Friday, January 8, 2010

And While We're At It, Three Looks At Richard Barthelmess

Richard Barthelmess was born in 1895 to a theatrical family and was working on the stage when a friend of his mother, film star Alla Nazimova, offered him a part in her next film, War Brides. He made twenty-two movies over the next three years, but it was his performance as the Chinese immigrant Cheng Huan in D.W. Griffith's Broken Blossoms that brought him his most lasting fame. He followed that up with two more classics, Way Down East and Tol'able David, the former for Griffith again, the latter at Barthelmess's own newly-formed production company, Inspiration Pictures.

He was nominated for an Oscar in 1929, the first year of the award's existence, losing to Emil Jannings.

Barthelmess continued to make movies during the sound era, including The Last Flight which I reviewed earlier this week, and The Cabin in the Cotton with Bette Davis (the one where she says "I'd like to kiss you, but I just washed my hair"), but by and large his acting technique was too stiff for sound pictures and the size and number of his parts quickly diminished. Probably his last great film role was as Bat MacPherson in Howard Hawks's Only Angels Have Wings.

Barthelmess made his last movie in 1942 then joined the Naval Reserve. After the war, he returned to Long Island, New York, where he died of cancer in 1963.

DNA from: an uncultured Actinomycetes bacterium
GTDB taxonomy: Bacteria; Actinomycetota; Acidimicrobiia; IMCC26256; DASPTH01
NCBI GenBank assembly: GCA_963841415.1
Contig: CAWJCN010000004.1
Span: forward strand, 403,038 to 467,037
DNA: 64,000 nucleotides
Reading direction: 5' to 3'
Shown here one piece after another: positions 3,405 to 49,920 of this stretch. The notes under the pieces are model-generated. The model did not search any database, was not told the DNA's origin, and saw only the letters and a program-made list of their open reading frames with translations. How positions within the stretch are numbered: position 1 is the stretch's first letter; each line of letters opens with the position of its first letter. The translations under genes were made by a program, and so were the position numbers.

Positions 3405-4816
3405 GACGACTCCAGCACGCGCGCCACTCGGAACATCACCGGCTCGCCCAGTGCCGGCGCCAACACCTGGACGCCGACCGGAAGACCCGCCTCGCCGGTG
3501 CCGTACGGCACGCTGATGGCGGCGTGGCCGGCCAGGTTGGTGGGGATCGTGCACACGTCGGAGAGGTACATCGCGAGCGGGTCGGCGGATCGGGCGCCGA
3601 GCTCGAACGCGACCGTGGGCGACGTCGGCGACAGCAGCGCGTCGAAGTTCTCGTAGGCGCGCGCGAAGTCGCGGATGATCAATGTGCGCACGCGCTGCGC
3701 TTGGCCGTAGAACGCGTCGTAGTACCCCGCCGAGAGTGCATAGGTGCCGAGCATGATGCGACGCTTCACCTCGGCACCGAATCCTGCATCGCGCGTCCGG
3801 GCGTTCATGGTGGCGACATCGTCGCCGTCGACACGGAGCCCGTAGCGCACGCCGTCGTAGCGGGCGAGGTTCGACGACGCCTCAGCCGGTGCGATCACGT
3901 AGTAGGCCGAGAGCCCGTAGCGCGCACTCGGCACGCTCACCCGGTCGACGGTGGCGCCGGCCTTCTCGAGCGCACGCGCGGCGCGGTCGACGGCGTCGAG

Anonymous said...

Great Post!
he's wonderful in Broken Blossoms he was very believable as "chinky".

Lillian Gish's thoughts on him were: "The most beautiful face of any man who went before the camera"

Tol'able David looks superb but its one of the many movies I can't hunt down same for the Cabin in the cotton.
Thanks :) people tend to forget Barthelmess as its not really a name that slips off the tongue.

Mythical Monkey said...

I got Tol'able David from our local library. If you're a fan of Barthelmess, I'd recommend it. It's a melodrama about a very earnest young man (boy, really) who is well liked but not taken seriously by his family or the girl he pines for.

In fact, if you're willing to watch it online, you can see it on YouTube here. I'm reasonably sure it's in the public domain ...

Or, if you really want to see it, you could also move here and get a library card. But I'd probably just watch it on YouTube.

Anonymous said...

yeah my library is usually quite good with having silent films, but not with this one.
I will watch it online.
I tried looking for it on the web film archives, but no cigar.
thanks for the link :)

Mz. Louise Brooks said...

If you can't summon the strength and courage to complete an essay,
a photograph would fill the void nicely.

As some of your other correspondents are wont to say: tick tock.

Thank you.

Mythical Monkey said...

Indeed, my dear Miss Brooks, I am working on one of those nutty four thousand word essays. But in honor of your timely beauty (since you are 103 and yet don't look a day over 25), I will break it into pieces and publish part one this afternoon.

It's nice to be wanted ...